Delivering Sustainable Economic Growth – the need for leadership

Keith Mitchell, Chairman of Peter Brett Associates, has been thinking seriously about how we can make progress on regeneration and growth. He has set out

 Here is the fifth of the series of articles.

So far we have considered the tensions between planning, localism, infrastructure delivery and sustainable economic growth. It is a complex landscape, and will become the new reality over the next few months. How do we find our way through it?

As with any system, policy and legislation is open to interpretation. It is often the decisions made within the any system that dictate how, in practice, it is going to work. How will the provisions in the Localism Act be interpreted? How will inspectors make judgements about primacy of development plans versus the presumption for sustainable development? Only time will tell.

We can probably say that the current indications are that precedent is reinforcing the importance of the plan led system, driven by local authorities on behalf of their communities. This is an important issue, and it will be incumbent on local authorities to reinforce the importance of a robust spatial plan that supports sustainable development goals. But there is still a great deal to learn about the priority to be given economic growth versus environmental or social goals, or between local opinion and development need.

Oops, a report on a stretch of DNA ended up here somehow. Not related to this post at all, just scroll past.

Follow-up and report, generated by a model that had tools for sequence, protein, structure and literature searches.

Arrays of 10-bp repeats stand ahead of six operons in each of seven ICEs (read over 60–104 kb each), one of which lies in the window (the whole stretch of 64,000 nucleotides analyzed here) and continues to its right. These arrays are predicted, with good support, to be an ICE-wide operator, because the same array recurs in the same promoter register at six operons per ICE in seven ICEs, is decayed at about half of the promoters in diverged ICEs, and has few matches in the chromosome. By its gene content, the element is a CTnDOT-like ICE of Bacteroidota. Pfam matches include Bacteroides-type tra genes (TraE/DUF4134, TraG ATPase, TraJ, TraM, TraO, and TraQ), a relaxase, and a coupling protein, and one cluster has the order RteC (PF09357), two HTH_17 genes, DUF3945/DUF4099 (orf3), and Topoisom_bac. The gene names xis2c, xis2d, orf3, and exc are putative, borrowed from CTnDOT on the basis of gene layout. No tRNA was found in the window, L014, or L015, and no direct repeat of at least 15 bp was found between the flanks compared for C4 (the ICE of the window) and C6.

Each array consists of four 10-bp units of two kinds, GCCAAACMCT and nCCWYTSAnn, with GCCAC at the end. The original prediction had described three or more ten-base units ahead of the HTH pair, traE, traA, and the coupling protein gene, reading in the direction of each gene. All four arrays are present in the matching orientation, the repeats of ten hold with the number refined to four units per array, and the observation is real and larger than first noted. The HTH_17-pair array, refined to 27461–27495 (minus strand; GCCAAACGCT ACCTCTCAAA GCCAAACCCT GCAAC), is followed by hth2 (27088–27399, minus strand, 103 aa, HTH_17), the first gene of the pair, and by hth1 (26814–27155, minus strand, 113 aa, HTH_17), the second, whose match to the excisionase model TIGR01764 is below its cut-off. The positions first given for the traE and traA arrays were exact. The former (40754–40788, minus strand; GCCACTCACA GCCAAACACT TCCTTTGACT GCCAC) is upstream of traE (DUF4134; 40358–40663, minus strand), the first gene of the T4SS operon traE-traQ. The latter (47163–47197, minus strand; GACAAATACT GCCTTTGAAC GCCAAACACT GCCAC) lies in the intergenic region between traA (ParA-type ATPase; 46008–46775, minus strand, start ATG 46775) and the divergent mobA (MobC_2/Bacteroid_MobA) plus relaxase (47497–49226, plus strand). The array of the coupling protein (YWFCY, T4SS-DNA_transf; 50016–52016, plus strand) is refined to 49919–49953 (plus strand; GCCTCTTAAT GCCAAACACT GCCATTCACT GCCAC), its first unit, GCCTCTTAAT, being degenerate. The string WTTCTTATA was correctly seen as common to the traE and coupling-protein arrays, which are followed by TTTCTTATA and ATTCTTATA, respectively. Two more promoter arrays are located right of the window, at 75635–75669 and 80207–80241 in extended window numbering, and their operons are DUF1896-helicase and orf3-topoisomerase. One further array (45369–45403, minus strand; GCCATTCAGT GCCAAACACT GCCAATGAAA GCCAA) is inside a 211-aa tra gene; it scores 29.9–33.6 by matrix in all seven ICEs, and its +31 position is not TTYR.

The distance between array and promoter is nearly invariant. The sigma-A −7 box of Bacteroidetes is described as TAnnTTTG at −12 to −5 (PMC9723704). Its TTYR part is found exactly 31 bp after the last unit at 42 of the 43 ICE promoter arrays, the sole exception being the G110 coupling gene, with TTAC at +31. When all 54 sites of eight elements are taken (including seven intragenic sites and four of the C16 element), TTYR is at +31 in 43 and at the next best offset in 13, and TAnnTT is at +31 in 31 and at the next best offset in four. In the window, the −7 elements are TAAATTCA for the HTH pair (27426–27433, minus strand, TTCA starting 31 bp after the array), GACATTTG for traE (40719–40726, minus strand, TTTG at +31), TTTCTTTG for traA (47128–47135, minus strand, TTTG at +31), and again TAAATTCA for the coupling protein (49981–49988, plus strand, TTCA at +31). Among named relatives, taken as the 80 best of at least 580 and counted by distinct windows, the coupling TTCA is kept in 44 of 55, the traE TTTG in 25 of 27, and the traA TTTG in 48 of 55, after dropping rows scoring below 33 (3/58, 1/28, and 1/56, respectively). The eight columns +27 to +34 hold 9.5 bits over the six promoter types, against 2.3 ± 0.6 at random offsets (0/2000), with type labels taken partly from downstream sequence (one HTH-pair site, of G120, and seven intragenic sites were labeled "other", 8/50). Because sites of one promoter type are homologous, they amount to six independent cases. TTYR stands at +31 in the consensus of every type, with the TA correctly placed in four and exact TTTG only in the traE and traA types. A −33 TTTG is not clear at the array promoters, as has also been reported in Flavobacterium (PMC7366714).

Regeneration projects, by definition, are often complicated. Not only are they influenced by the emerging system, they are also burdened with costly infrastructure requirements. In this economic climate, it is not difficult to see why investors and developers are hesitant about getting involved in regeneration schemes. Whilst they might want to be seen to be contributing to enhancing social cohesion, the environment and economic well being, they are not willing to commit funds without clear viability criteria being met. With values falling, viability has been squeezed to the detriment of delivery. The pips have squeaked.

So – who will provide the leadership to balance the priorities for sustainable development, and how can we stimulate investment in the context of the emerging new planning and economic reality, whilst we also achieve environmental and social progress?

To understand this, we need to understand the inherent tensions in the system, and be prepared to provide leadership through the new reality we find ourselves in. I turn to this in the next and final article
Keith Mitchell

Chairman, Peter Brett Associates.

 

READ ALL THE ARTICLES IN THE SERIES

 

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